Context: Polycystic ovary syndrome (PCOS), one of the most common endocrine disorders encountered in women of reproductive age, is associated with an increased prevalence of metabolic syndrome (MetS). Development of PCOS and its phenotypic expressions is influenced by genetic, ethnic and environmental factors. Due to the vast cultural diversity in our country, differences in the prevalence of MetS may exist across different regions. Aims and Objectives: To study the distribution of anthropometric, clinical, and metabolic profiles of women with PCOS across the four regions of India. Materials and Methods: A multicentric prospective study using data collected from four tertiary Assisted Reproductive Centres across four different regions of India was carried out between January 2017 and December 2017. A total of 651 women were diagnosed with PCOS, with 178 belonging to North, 209 to East, 115 to West and 149 to South India. A comparison of the metabolic and anthropometric profiles of women with PCOS was made across the four different ethnic regions of India. Statistical Analysis: Quantitative variables were compared using the Mann–Whitney test and qualitative variables using the Chi-square test.P < 0.05 was considered statistically significant. Results: North Indian women had the highest mean body mass index (BMI) – 27.53 ± 4.55 kg/m2 and a higher waist circumference (89.93 ± 14.53 cm) compared to women from South and West India (P = 0.0001). The prevalence of MetS (41.98%) and impaired glucose tolerance (IGT) (37.04%) was also highest in North India followed by East India. PCOS women from East India were lean but had the highest waist-to-hip ratio (WHR) 0.9 ± 0.05 (P = 0.0001) and dyslipidemia. Using multivariate logistical regression analysis, age >25 years, BMI >25 kg/m2, and WHR >0.8 had a strong association with MetS. Conclusion: Prevalence of MetS is high among Indian PCOS women, with women from the North and East India having the worst metabolic profiles. IGT is the main driver for MetS.
  556 107 -
EDITORíS CORNER
Sexual health of breast cancer survivors
Nalini Mahajan
January-June 2019, 2(1):1-2
DOI:10.4103/tofj.tofj_11_19  
  477 112 -
CASE REPORTS
Fertility preservation in testicular seminoma
Madhuri Patil, Priyanka Reddy
July-December 2018, 1(2):89-95
DOI:10.4103/tofj.tofj_3_18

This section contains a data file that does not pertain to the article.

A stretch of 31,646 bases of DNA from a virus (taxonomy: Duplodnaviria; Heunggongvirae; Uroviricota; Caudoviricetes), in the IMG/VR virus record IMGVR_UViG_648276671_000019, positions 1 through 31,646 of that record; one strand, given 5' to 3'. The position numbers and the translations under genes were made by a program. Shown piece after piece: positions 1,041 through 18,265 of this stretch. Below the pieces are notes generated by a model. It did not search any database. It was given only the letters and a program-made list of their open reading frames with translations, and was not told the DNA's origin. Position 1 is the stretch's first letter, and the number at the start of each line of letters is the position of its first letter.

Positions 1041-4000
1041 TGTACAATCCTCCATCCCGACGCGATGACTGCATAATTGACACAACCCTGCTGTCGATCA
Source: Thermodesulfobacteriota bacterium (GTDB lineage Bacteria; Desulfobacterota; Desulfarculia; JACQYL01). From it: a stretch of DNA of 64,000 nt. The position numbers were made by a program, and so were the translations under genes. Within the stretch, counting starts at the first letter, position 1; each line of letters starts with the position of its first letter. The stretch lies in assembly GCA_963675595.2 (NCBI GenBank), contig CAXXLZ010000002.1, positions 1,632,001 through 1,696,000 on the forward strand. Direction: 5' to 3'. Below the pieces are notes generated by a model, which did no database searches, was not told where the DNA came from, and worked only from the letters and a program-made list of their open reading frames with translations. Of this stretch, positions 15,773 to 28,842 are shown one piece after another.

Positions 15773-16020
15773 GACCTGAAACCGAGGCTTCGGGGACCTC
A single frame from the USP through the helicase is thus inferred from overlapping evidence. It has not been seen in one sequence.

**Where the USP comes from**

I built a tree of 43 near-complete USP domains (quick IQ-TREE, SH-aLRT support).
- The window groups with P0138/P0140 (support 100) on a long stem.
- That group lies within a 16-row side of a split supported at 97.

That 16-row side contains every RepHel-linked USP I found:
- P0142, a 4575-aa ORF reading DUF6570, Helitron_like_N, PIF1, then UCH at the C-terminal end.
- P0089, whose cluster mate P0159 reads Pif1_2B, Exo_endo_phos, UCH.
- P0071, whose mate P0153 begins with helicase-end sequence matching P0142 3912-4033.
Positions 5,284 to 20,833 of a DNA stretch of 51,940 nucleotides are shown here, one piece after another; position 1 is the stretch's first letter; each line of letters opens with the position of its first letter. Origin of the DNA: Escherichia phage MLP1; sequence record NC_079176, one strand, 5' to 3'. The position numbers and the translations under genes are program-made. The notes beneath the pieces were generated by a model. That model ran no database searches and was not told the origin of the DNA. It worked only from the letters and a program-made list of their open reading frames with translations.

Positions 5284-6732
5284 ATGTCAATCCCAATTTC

Testicular cancer is the most common solid malignancy affecting males between the ages of 15 and 35, although it accounts for only 1% of all cancers in men. Germ cell tumors (GCTs) account for 95% of testicular cancers. Two broad categories of testicular tumors have been described, one pure seminoma (no nonseminomatous elements present) and the other is nonseminomatous GCTs. It is one the most curable neoplasm with 5 years survival rate of 98%–99% when diagnosed at an early stage. We present here one such case of metastatic seminoma, where the semen was cryopreserved for fertility preservation. Although the sample was oligoasthenospermic, a successful pregnancy and live birth was obtained with intrauterine insemination of the frozen sample in an controlled ovarian stimulation cycle. Testicular tumors can impair fertility after treatment in majority of patients. Fertility preservation methods such as semen freezing, sperm freezing using epididymal or testicular sperm extraction (TESE) or testicular tissue freezing provides hope for those who wish to father a child latter.
  507 69 -
Idiopathic hyperprolactinemia with tumoral prolactin levels
Nadia Belmahi, Houda Salhi, Said Boujraf, Hanan El Ouahabi
July-December 2018, 1(2):107-110
DOI:10.4103/tofj.tofj_1_18  
The causes of hyperprolactinemia are varying, from physiological to pharmacological and pathological causes; but some cases are classified as “idiopathic” because of unknown causes. We describe a 29-year-old woman who presented to our department with galactorrhea and secondary amenorrhea. She had no clinical features of hypopituitarism and was not taking any medication. On physical examination, she had bilateral galactorrhea. Prolactin (PRL) level was high, up to 200 ng/ml, and other pituitary and thyroid indices were normal, including testing for macroprolactinemia. Pituitary magnetic resonance imaging was normal; and thoraco-abdominopelvic tomography was performed with no abnormalities detected. Cabergoline was started at the dose 0.5 mg/week. Galactorrhea disappeared, the menstrual cycle had become regular, and PRL level decreased to 26 ng/ml. Should all causes of hyperprolactinemia be ruled out and pituitary imaging revealed as negative, idiopathic hyperprolactinemia is therefore diagnosed. In symptomatic patients, treatment with dopaminergic agonists is indicated.
  503 53 -
ORIGINAL ARTICLES
Strategies for fertility preservation in young patients with cancer
Devika Gunasheela, Jyothi Menon, N Ashwin
July-December 2018, 1(2):86-88
DOI:10.4103/tofj.tofj_4_18